Consolidated nanomaterials synthesized using nickel micro-wires and carbon nanotubes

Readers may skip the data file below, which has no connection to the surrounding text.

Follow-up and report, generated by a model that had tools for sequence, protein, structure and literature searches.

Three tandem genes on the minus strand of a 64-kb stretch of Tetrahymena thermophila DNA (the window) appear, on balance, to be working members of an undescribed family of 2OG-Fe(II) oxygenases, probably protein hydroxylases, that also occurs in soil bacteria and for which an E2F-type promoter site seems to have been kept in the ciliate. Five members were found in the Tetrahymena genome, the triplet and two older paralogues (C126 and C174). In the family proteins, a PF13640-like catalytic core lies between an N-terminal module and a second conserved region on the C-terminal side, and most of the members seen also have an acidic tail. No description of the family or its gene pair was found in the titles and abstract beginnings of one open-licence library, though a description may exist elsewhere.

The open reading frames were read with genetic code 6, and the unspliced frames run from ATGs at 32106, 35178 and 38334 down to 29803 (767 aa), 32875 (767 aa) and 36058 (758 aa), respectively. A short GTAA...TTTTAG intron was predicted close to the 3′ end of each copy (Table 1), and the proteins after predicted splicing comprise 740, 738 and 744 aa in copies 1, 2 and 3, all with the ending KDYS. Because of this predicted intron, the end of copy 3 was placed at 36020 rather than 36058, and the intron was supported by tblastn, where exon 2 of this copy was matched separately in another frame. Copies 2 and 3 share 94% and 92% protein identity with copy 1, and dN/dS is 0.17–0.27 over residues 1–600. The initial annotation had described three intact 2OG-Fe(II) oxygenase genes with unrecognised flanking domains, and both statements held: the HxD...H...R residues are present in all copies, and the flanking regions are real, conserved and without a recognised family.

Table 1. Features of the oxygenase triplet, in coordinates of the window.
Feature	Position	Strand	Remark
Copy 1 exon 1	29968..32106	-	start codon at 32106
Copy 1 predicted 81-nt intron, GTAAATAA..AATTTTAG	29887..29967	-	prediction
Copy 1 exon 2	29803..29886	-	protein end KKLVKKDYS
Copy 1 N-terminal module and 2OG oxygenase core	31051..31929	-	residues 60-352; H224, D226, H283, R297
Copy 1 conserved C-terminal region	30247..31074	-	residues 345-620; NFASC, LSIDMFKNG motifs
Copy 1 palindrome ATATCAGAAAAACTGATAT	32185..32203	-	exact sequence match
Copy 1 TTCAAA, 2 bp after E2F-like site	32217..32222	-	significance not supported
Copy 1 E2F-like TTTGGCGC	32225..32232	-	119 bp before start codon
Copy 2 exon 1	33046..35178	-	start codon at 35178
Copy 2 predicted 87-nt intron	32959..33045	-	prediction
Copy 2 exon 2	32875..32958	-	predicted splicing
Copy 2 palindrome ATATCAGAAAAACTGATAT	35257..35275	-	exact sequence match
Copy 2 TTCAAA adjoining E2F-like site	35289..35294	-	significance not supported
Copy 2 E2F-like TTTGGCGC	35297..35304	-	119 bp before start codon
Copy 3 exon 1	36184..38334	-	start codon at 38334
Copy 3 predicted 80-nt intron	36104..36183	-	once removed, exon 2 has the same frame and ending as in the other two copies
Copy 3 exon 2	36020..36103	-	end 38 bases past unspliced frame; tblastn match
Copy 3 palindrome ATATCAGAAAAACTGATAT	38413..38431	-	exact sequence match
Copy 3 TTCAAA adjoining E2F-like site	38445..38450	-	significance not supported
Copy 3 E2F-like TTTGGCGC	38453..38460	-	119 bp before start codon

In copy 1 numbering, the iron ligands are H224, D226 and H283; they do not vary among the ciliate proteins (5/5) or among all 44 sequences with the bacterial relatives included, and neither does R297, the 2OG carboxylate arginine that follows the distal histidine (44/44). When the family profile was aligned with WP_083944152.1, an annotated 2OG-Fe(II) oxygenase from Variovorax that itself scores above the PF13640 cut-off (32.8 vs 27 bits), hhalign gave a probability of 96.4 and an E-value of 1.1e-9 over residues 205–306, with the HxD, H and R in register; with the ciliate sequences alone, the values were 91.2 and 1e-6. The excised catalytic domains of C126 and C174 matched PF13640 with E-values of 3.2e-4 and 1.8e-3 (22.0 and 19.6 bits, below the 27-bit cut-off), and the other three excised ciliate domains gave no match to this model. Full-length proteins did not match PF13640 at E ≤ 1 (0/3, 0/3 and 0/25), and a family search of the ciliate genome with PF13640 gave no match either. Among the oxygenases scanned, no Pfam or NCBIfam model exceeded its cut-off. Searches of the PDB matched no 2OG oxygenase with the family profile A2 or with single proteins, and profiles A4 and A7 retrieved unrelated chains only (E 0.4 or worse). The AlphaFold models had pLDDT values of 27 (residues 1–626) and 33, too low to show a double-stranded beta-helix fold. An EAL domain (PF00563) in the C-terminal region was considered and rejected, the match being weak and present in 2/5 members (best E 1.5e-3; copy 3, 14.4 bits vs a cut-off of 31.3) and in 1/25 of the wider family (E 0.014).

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Nano-devices are the next step in the application of nanomaterials in modern technology. One area of research that is receiving an increased amount of attention globally is the fabrication of new nano-devices for applications in hydrogen energy technologies. The current work focuses on the synthesis and characterization of nano-devices with potential application in alkaline electrolysis and secondary polymer lithium ion batteries. Previous work with Nickel micro-wires demonstrated the potential to use these nanomaterials as electrodes in alkaline electrolysis. Carbon nanotubes have been shown to posse excellent electrochemical properties. A new direction in research is explored by combining nickel micro-wires with CNT, a new consolidated composite carbon nanocomposite can be realized and the characterization of such a novel composite was the focus of this thesis. Novel composite carbon nanomaterials were synthesized using an electrochemical template technique and a hydrocarbon pyrolysis step. The first step involved the deposition of nickel within the pores of ion track etched Polyethylene terephthalate (PET) membrane; with pore diameters of 1μ, 0.4μ and 0.2 μ. Electrochemical deposition of nickel was carried out galvanostatically in a nickel hard bath between 35-40°C, and using a deposition current density of 75 mAcm2. Carbon nanotubes were then deposited directly onto the surface of the nickel micro-wires via a chemical vapour deposition (CVD) technique using liquid petroleum gas (LPG) as the carbon source. CVD was done at a temperature of 800°C and the deposition time was 5 minutes. The morphology and structural studies of these novel composite nanomaterials were studied by scanning electron microscopy (SEM), transmission electron microscopy (TEM) and X-ray diffraction (XRD). Electrochemical investigations were done using Cyclic Voltammetry (CV), Chronoamperometry (CA) and Electrochemical Impedance Spectroscopy (EIS). After removal of the template, before CNT CVD growth, SEM images revealed free standing arrays of nickel micro-wires, and after CNT growth via CVD the SEM micrographs showed that the morphology of the Ni micro-wires was moderately altered by the CVD process. From the XRD results it was shown that the crystallinity of the Nimicro-wires was persevered after the CVD process. The XRD of the nickel micro-wires with CNT grown directly on the surface revealed the characteristic CNT peak at 2θ =24.60. Cyclic Voltammetry (CV) was performed on the consolidated composite nanomaterial in an alkaline solution. The CV revealed that the novel composite carbon nanomaterial was the most active for hydrogen evolution when compared to unmodified Ni micro-wires and a flat nickel electrode. This was attributed to the increase in electrochemical accessible surface area. Electrochemical impedance spectroscopy (EIS) showed that the novel composite carbon nanomaterial had a much higher capacitance than the nickel micro-wires, a flat nickel electrode, a flat nickel substrate modified with CNT, and a graphite electrode. When a similar comparison was done using a commercially available anode for lithium ion battery applications, the novel consolidated composite carbon nanomaterial had double the capacitance of the commercial anode. The consolidated composite carbon nanomaterial was modified by depositing Pt on to the surface of the CNT via electroless deposition. The presence of Pt was determined by Energy dispersive spectrometry and the electrocatalytic activity of the Pt modified consolidated composite carbon nanomaterial was significantly improved. The work presented in this thesis provides a new and unique direction in the synthesis and application of novel consolidated carbon nanomaterials through true synergistic effect between nickel micro-wires and CNT. The exploration of the characteristics of the system and the ability to functionalize the CNT with different moieties allows for a wide range of application in energy conversion devices.